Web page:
Nevertheless, the city’s leading newspaper, the News and Courier, confirmed her presence and the purpose of her visit on Saturday, December 27th: “This celebrated colored vocalist, Miss Elizabeth J. [sic] Greenfield, popularly known as the Black Swan, who has quite a reputation, has arrived in this city, and will give a concert on Monday [sic] evening in aid of the building fund of St. Mark’s Church. The cause in which she has enlisted her talents is one worthy of public patronage.”
The program for Miss Greenfield’s Charleston debut on New Year’s Eve was advertised in the newspaper several days before the performance. Described as a “Grand Concert,” the event took place in Hibernian Hall, which was erected in 1840 by the Hibernian Society of Charleston as a meeting space and rental venue. This spacious hall was frequently hired for a wide range of musical performances in the years before and after the Civil War, so there was nothing unusual about the Irish society’s renting it to a largely African-American audience in 1873. The doors opened at 7 p.m. on Wednesday, December 31st, and the concert began at 8 o’clock. Auditors wishing to reserve seats near the stage paid seventy-five cents for the privilege, while those purchasing tickets at the door paid just fifty cents.
The concert program was arranged in two parts with a brief intermission between them. Both halves of the concert commenced with a piano solo performed by an unidentified “professor,” no doubt a native talent from Charleston’s large Black community. After the audience had settled and the large room quieted, the Black Swan took the stage and sang a dramatic cavatina and “Grand Scena” from the opera Lurline by Irish composer William Vincent Wallace. Showers of applause followed Miss Greenfield as she left the stage and was replaced by an unidentified female amateur singer, later described as “a native of this city.” The amateur sang a popular love song of that era, “Going Home with Willie,” which was followed by another selection by the Black Swan. The evening continued in this alternating fashion for over an hour, during which time Miss Greenfield sang four solo pieces and the local amateur sang five. Both joined voices for a duet at the end of the first half, and both returned to the stage to conclude the evening’s performance with second rousing duet:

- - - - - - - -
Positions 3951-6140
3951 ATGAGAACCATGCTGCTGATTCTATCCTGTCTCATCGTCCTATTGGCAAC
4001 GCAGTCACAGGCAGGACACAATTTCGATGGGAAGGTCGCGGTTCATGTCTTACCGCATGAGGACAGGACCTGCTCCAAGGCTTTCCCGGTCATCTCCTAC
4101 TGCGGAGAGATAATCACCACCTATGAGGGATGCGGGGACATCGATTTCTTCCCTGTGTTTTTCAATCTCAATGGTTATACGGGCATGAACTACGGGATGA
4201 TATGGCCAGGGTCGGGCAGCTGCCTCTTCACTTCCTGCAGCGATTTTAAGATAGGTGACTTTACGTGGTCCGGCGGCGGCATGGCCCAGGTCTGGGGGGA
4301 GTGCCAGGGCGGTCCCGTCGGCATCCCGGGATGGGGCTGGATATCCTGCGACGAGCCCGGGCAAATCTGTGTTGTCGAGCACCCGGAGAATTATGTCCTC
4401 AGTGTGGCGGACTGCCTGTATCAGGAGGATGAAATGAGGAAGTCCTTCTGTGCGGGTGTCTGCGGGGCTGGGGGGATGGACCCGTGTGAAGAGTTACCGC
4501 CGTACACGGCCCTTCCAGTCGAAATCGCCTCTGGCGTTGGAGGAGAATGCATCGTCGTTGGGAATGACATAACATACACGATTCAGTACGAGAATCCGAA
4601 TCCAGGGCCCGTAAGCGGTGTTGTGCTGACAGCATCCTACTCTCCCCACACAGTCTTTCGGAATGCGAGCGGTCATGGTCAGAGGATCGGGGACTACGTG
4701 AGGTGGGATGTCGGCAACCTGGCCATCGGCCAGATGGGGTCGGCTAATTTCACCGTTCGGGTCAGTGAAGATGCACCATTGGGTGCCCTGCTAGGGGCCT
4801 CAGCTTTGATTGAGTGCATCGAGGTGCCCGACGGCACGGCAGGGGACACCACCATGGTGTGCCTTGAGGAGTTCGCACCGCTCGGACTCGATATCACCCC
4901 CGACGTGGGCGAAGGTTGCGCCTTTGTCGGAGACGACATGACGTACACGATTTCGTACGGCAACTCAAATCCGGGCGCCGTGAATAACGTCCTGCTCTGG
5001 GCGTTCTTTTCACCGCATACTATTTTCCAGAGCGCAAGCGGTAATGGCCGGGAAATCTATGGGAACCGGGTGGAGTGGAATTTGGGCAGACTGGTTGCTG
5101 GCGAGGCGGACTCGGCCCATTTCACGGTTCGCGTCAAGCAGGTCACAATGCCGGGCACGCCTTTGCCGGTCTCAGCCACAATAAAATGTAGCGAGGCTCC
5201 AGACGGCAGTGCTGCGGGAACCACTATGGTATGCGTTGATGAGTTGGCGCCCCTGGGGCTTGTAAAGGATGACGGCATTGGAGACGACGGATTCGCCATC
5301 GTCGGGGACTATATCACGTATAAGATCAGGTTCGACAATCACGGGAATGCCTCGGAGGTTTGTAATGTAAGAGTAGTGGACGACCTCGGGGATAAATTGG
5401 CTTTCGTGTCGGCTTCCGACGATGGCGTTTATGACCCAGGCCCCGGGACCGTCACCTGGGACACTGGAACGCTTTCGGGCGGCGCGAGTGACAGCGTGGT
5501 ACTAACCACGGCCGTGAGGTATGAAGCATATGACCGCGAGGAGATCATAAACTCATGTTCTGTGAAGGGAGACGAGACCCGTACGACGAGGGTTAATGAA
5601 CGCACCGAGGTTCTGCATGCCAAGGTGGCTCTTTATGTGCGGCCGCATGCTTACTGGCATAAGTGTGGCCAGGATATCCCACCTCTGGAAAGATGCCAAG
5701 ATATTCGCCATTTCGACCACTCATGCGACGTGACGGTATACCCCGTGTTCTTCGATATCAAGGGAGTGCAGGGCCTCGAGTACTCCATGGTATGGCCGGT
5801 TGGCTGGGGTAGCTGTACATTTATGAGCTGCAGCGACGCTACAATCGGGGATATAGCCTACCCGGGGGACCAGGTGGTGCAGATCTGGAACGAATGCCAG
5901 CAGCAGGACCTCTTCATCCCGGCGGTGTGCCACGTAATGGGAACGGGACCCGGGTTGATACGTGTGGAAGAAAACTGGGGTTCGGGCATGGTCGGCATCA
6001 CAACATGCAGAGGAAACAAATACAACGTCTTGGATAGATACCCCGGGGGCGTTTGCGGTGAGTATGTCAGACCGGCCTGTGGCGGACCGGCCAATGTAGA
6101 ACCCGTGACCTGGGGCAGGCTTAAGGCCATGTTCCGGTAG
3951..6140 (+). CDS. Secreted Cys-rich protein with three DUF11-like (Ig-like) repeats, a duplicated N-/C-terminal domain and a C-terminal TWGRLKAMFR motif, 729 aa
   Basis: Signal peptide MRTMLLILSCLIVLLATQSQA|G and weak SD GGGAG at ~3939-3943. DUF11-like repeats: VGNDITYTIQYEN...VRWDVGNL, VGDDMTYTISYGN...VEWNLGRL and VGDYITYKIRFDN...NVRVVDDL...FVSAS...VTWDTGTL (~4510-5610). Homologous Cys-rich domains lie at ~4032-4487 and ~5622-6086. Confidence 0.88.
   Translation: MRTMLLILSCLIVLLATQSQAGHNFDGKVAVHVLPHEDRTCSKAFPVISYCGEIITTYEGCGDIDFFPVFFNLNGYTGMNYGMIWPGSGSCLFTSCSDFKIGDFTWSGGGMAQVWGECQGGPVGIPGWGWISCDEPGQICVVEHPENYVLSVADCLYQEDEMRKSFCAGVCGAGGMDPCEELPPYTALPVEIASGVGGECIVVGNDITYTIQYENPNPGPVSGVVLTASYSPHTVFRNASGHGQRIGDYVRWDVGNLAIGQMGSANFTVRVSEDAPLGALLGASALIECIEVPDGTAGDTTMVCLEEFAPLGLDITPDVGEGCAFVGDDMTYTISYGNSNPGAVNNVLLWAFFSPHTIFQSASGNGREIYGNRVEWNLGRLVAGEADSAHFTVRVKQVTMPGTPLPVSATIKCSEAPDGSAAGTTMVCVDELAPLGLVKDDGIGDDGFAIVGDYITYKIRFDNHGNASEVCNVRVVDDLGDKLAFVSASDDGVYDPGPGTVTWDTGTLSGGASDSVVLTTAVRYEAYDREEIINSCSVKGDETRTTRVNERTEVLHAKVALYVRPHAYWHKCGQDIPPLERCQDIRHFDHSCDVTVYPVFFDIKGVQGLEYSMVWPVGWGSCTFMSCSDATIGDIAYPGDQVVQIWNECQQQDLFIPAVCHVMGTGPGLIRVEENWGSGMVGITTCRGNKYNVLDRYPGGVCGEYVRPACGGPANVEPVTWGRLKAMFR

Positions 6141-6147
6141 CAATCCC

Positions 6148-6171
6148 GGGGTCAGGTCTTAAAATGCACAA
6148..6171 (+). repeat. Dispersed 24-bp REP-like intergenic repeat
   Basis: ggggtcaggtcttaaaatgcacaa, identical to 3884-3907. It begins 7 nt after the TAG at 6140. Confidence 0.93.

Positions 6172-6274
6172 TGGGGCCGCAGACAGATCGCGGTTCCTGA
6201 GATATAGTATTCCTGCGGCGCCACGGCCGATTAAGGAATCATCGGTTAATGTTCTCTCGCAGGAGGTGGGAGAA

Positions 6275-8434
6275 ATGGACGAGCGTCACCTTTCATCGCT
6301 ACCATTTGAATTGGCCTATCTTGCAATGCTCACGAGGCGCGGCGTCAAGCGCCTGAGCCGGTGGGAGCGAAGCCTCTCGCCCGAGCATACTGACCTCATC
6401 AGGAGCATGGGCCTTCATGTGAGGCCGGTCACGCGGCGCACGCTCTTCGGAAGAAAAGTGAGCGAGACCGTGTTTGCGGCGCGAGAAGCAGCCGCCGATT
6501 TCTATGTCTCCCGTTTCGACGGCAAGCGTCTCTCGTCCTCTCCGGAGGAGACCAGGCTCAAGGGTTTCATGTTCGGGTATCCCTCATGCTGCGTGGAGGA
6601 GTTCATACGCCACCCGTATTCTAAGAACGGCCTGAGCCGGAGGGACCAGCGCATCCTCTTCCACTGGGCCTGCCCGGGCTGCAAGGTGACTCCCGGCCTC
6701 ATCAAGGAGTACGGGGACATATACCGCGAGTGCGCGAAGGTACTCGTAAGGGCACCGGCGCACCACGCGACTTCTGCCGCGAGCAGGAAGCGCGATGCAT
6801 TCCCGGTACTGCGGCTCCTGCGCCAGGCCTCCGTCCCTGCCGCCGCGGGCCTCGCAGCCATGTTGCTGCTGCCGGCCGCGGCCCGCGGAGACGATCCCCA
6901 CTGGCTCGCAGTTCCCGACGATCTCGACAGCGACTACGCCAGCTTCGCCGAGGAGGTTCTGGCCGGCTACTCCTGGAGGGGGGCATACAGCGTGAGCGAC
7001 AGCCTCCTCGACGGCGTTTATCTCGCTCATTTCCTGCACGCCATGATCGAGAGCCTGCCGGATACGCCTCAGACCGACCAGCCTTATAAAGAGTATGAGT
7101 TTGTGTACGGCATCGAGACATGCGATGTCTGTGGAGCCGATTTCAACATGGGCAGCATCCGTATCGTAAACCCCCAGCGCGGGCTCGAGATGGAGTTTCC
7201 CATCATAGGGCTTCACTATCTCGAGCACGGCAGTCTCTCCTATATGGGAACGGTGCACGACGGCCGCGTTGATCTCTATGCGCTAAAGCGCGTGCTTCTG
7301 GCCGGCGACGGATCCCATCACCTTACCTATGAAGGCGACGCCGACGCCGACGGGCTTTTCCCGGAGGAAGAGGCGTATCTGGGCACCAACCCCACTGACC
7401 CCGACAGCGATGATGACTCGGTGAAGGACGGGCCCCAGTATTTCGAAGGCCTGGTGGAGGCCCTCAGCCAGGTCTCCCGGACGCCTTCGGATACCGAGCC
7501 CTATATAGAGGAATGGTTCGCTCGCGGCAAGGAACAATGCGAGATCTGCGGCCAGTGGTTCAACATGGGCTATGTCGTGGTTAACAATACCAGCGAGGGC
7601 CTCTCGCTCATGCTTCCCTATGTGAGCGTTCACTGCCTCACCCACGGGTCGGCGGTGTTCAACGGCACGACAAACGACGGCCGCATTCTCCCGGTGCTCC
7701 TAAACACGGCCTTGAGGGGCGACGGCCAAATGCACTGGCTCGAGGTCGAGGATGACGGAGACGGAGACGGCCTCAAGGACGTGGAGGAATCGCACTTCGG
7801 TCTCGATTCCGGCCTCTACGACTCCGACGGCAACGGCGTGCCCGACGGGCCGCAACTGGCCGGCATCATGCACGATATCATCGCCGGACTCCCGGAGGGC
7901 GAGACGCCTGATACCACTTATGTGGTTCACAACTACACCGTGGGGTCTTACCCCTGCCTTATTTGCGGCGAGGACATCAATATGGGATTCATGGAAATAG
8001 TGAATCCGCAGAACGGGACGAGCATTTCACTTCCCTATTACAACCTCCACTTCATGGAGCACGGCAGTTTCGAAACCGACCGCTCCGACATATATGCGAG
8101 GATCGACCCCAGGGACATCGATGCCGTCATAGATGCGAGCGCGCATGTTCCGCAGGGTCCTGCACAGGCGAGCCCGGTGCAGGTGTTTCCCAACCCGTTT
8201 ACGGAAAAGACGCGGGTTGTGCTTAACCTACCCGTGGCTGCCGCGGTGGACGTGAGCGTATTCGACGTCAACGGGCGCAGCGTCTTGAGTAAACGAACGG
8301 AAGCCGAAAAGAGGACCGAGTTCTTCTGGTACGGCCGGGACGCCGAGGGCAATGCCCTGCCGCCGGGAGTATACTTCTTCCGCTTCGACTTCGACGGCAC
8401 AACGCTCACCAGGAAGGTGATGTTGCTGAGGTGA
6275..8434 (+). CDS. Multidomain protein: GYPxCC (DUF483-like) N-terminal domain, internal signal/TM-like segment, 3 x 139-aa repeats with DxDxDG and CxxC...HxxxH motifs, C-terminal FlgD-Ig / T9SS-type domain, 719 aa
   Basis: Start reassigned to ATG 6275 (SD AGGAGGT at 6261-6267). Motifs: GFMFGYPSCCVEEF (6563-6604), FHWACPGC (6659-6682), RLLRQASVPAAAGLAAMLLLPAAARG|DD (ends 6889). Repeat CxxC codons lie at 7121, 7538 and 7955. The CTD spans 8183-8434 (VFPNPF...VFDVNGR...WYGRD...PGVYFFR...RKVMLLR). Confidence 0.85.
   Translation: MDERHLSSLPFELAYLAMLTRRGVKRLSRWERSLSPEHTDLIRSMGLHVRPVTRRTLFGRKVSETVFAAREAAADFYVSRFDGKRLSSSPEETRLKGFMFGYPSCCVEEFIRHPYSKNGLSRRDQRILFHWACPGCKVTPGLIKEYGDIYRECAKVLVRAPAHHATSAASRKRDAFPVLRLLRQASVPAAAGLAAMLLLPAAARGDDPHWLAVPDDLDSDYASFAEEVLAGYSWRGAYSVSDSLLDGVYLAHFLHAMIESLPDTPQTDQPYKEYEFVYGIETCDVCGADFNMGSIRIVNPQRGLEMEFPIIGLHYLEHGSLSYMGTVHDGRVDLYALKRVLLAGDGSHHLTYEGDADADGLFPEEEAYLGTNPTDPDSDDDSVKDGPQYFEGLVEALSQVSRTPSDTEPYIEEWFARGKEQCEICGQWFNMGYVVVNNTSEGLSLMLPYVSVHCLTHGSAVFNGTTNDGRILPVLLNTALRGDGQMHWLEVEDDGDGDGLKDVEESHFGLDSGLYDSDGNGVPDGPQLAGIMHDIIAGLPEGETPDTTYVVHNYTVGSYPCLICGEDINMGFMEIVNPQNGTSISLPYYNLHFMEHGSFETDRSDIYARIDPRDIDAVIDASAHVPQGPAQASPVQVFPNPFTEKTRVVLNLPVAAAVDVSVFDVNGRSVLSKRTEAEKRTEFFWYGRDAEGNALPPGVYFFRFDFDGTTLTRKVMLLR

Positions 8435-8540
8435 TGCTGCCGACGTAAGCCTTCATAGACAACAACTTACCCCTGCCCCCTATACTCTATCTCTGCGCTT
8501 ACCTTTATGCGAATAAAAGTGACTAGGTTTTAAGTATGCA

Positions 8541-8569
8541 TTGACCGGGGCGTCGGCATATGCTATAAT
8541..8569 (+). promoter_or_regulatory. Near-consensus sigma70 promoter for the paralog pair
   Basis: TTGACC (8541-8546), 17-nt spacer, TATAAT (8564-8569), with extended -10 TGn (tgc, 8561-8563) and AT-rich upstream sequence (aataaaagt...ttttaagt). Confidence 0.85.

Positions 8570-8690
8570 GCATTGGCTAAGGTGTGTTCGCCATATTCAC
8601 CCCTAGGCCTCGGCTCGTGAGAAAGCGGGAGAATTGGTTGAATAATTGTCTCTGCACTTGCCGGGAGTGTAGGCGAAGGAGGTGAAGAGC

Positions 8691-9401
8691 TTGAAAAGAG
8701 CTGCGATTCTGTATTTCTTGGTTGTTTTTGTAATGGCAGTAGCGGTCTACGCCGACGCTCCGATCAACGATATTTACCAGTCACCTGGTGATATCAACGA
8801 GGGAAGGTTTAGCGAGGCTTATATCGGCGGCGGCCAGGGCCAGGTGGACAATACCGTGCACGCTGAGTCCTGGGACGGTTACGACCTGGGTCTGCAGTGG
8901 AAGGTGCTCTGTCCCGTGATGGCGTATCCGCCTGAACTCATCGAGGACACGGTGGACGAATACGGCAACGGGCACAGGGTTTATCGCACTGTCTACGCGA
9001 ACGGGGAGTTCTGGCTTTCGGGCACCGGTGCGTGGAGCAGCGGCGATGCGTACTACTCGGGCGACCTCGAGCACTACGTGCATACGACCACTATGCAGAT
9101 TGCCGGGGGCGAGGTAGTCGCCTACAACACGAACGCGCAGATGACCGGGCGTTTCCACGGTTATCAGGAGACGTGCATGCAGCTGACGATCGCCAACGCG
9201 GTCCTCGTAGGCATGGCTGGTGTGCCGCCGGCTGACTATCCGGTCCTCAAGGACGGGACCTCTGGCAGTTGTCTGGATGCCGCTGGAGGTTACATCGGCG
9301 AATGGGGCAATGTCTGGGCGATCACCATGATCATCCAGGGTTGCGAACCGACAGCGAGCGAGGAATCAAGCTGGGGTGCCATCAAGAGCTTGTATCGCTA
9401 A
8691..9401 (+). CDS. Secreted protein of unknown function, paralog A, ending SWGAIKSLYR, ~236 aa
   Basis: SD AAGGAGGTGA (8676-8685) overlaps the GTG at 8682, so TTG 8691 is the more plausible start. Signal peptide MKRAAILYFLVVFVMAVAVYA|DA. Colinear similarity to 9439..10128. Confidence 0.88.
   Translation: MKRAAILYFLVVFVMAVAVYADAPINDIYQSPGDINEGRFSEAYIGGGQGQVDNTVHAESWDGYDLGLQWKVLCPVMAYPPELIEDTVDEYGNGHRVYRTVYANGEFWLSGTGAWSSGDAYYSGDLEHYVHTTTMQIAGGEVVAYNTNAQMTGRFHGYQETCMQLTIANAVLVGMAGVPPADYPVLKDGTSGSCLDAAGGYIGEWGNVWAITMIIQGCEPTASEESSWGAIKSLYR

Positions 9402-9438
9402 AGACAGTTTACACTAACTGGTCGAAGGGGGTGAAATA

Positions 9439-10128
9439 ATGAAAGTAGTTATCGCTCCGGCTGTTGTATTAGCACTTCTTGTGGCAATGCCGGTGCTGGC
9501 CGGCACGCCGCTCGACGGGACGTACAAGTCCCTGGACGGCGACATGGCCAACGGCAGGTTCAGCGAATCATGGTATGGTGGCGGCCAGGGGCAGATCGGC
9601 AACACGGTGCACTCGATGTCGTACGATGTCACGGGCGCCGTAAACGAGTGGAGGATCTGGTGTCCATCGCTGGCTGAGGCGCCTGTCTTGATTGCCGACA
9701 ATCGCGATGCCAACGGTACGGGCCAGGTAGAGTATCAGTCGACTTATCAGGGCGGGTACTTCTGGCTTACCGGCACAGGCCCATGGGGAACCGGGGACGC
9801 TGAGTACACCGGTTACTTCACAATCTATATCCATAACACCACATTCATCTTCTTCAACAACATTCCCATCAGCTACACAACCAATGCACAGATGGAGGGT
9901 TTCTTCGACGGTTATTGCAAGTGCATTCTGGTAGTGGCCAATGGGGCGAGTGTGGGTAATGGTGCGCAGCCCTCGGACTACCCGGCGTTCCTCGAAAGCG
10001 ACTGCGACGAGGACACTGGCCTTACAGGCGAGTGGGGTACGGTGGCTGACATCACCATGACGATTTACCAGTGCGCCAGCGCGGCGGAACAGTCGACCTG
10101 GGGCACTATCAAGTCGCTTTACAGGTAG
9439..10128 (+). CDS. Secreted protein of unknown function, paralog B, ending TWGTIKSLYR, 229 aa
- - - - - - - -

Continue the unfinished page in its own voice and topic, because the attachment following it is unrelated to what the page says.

• Piano solo by Verdi (performed by “Professor”)
• “Cavatina Grand Scena,” by William Vincent Wallace (Black Swan)
• “Going Home with Willie,” by Harrison Millard (Lady Amateur)
• “I Know that my Redeemer Liveth,” by George Frideric Handel (Black Swan)
• “Some One to Weep when I am Gone,” by Joseph Eastburn Winner (Lady Amateur)
• Piano solo by Handel
• “Sweetly O’er my Senses Stealing,” by Nicola Zingarelli, arranged by Henry Bishop (Black Swan)
• “Driven from Home,” by W. S. Hays (Lady Amateur)
• “Sacred Song, Solo and Chorus,” by J. R. Thomas (Lady Amateur)
• “Sound the Trumpet,” by Gardner (Black Swan)